RUSSLYNN ALI: Joshua also intimated that…

    GWEN IFILL: I’m sorry.

    RUSSLYNN ALI: Joshua also intimated that we were deciding policy based on layoffs, right?

    What happens today is policy decided based on layoffs. The churn factor, that is, that in schools that serve mostly students of color, are some of our lowest-performing students and our highest-poverty schools. They suffer vacancies at a rate that is extraordinary. Those students in Los Angeles, for example, are at 68 percent more likely to have a grossly ineffective teacher if they are English-language learners.

    They’re almost as likely to have an ineffective teacher if they are African-American students. We are talking about equity. We are talking about justice. Those principles ought not to fly in the face of what is in the best interest of teachers. What is in the best interest of students is in the best interest of teachers. These laws are not.

    GWEN IFILL: We have less than 30 seconds, Joshua Pechthalt. What are the prospects for appeal?

    JOSHUA PECHTHALT: Well, we are hopeful.

    And we think the evidence is compelling that blowing up the education code in California doesn’t help with equity. If it — if doing away with seniority and due process rights was so effective, then why is it that in the states where these rights don’t exist for teachers, education is also suffering, and it’s suffering for poor and working-class kids?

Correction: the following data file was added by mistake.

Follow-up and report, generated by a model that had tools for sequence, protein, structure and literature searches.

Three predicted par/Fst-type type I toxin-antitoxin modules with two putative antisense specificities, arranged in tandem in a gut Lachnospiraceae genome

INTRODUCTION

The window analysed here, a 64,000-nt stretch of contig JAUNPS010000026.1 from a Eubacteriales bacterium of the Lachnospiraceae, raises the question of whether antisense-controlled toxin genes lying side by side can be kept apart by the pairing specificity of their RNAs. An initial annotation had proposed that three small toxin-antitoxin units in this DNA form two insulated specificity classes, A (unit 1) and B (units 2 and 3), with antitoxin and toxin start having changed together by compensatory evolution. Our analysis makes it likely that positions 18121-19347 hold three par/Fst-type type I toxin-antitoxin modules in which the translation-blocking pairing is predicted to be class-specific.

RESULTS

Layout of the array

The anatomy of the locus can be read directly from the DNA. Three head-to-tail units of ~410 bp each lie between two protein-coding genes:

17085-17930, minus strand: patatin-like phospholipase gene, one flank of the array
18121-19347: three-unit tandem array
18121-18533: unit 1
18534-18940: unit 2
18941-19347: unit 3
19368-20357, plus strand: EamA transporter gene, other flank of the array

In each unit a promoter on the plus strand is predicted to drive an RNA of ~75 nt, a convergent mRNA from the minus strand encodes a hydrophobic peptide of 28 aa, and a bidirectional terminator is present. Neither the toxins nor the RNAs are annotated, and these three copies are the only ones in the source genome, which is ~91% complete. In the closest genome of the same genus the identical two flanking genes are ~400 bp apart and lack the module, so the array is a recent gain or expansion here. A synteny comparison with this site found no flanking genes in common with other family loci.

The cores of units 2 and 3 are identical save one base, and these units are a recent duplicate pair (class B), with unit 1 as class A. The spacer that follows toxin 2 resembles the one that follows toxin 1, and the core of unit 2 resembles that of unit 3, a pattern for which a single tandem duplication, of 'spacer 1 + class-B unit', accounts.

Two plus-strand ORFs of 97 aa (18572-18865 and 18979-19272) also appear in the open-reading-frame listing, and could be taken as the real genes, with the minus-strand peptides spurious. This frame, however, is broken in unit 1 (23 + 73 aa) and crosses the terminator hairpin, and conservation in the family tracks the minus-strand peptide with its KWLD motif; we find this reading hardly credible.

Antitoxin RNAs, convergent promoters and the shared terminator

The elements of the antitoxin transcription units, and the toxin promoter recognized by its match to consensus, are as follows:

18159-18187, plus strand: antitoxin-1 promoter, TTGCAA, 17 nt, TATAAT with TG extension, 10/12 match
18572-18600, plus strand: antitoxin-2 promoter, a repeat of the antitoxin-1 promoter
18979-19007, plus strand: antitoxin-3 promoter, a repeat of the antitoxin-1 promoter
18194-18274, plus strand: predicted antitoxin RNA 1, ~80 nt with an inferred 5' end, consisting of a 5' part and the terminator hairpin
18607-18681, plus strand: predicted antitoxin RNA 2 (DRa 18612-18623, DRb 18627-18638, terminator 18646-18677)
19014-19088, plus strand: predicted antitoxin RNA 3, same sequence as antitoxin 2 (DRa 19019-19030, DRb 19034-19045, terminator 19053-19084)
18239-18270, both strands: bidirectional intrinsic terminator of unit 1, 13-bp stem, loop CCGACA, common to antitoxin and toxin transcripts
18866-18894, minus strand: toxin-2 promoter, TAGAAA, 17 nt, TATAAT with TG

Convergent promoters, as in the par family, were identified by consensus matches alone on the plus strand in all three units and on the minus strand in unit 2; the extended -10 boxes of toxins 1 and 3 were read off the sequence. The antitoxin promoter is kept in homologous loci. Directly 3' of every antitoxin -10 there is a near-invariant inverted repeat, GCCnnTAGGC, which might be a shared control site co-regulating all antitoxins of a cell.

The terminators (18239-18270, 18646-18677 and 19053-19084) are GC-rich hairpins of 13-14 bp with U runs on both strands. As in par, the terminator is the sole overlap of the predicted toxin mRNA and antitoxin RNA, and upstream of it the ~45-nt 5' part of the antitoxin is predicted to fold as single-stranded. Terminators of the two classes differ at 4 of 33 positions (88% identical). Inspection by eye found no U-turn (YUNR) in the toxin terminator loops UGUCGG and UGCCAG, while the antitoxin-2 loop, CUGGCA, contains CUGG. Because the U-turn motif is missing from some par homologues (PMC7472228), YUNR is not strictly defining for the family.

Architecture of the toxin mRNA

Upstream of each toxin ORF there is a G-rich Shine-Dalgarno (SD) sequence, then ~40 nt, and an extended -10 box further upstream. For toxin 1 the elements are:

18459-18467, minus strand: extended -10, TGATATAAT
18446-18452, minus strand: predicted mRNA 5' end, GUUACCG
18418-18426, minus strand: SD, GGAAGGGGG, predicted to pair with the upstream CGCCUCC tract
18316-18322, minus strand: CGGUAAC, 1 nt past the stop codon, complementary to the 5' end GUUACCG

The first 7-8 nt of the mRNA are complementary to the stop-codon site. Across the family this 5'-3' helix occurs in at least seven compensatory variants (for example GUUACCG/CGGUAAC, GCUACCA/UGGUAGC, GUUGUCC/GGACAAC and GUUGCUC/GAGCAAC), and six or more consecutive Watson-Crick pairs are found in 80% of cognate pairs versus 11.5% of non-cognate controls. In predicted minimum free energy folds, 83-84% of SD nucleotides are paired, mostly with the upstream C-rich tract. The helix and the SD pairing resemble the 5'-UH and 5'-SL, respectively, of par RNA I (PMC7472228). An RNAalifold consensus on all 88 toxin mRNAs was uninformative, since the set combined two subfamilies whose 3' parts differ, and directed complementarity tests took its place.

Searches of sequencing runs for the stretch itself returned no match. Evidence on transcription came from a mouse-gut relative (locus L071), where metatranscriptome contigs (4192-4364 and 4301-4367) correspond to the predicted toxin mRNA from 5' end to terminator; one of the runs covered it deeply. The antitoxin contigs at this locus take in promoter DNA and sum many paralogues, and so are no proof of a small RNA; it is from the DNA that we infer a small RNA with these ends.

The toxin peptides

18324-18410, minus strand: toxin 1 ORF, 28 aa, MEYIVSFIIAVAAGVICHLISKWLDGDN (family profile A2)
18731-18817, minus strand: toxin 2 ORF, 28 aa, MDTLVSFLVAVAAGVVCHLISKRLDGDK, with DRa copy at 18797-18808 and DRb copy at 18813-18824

There are obviously other, more compelling reasons that shape public education, not simply the teacher in front of the classroom. We want the best teachers in front of the classroom, and we want to put the resources in to raise everybody up, not create mechanisms for getting rid of people.

    GWEN IFILL: We will see what happens with this in the next — now the judge has put a stay on its enforcement.

    Joshua Pechthalt and Russlynn Ali, thank you both very much.

    JOSHUA PECHTHALT: Thank you very much.

    The post Debating tenure protections for public school teachers appeared first on PBS NewsHour.


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    JUDY WOODRUFF: Finally tonight: Across the country, there’s a new effort under way to preserve America’s historical sites, while at the same time teach a new generation the art and the importance of that work.

    Jeffrey Brown has that story, part of his ongoing series Culture at Risk.

    JEFFREY BROWN: High atop Central Virginia’s Shenandoah Mountains, these students are continuing work begun 75 years ago.

    They have been renovating the Skyland Stables, which for generations have provided national park visitors with horses to ride along 200 miles of equestrian trails. This is the pilot project of the Hands-On Preservation Experience, or HOPE Crew, a new nationwide initiative from the National Trust for Historic Preservation.

    Monica Rhodes is its volunteer coordinator.

    MONICA RHODES, National Trust for Historic Preservation: What the National Trust hopes to bring to this — through this new initiative is an opportunity for a younger, more diverse audience to get involved with these buildings, to really interact with their environment and contribute to their country.

    JEFFREY BROWN: The Trust is partnering with the National Park Service, the Corps Network and other groups to bring a new generation into the preservation fold across the country.

    In this case, water damage and wear from the horses had damaged some of the wood on this rustic U-shaped stable. It also needed a new fence.